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  • 3-December-2018

    English

    Launch of the 2018 OECD Pensions Outlook

    Like much of our work, this report is the result of a collaborative effort across the OECD, in this case between the pension units in the Directorate for Financial and Enterprise Affairs and the Directorate for Employment, Labour and Social Affairs.

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  • 3-December-2018

    English

    Pensions at a Glance Asia/Pacific 2018

    Many of Asia’s retirement-income systems are ill prepared for the rapid population ageing that will occur over the next two decades. The demographic transition – to fewer babies and longer lives – took a century in Europe and North America. In Asia, this transition will often occur in a single generation. Asia’s pension systems need modernising urgently to ensure that they are financially sustainable and provide adequate retirement incomes. This report examines the retirement-income systems of 18 countries in the region. The report provides new data for comparing pension systems of different countries. It combines the OECD’s expertise in modelling pension entitlements with a network of national pension experts who provided detailed information at the country level, verified key results and provided feedback and input to improve the analysis.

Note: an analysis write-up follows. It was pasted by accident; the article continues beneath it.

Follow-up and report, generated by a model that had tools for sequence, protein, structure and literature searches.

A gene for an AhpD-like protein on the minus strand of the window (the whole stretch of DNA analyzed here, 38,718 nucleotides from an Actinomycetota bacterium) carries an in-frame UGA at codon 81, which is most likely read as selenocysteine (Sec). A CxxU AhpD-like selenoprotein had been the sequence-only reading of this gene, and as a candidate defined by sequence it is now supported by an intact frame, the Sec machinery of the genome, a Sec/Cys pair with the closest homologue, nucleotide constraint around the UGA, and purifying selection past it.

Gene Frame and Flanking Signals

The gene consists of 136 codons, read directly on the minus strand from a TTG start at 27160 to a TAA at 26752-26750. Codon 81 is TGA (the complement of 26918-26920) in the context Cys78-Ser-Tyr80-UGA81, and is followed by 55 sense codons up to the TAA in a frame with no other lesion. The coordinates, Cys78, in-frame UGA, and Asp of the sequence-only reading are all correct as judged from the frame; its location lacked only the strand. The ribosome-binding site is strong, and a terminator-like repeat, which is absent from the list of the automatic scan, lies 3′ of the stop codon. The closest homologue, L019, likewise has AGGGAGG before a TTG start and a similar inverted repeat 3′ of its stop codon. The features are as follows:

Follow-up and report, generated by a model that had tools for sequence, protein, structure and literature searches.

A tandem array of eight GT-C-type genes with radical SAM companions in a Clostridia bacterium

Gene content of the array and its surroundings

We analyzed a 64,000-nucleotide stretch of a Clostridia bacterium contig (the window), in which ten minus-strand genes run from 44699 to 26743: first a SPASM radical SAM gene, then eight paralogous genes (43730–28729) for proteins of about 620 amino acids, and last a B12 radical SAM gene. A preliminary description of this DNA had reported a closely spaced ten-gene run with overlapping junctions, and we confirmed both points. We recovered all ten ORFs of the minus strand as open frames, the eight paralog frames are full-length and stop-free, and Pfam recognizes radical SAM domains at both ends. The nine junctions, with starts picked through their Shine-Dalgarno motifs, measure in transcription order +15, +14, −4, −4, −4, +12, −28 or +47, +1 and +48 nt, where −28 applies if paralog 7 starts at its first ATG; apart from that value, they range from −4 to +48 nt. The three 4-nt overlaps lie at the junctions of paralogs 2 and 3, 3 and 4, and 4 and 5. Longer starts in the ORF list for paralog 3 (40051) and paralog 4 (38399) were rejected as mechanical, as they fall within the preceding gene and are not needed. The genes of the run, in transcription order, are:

• 28-November-2018

    English

    Financing Climate Futures - Rethinking Infrastructure

    Infrastructure worldwide has suffered from chronic under-investment for decades and currently makes up more than 60% of greenhouse gas emissions. A deep transformation of existing infrastructure systems is needed for both climate and development, one that includes systemic conceptual and behavioural changes in the ways in which we manage and govern our societies and economies. This report is a joint effort by the OECD, UN Environment and the World Bank Group, supported by the German Federal Ministry for the Environment, Nature Conservation and Nuclear Safety. It focuses on how governments can move beyond the current incremental approach to climate action and more effectively align financial flows with climate and development priorities. The report explores six key transformative areas that will be critical to align financial flows with low-emission and resilient societies (planning, innovation, public budgeting, financial systems, development finance, and cities) and looks at how rapid socio-economic and technological developments, such as digitalisation, can open new pathways to low-emission, resilient futures.
  • 27-November-2018

    English

    For Good Measure - Advancing Research on Well-being Metrics Beyond GDP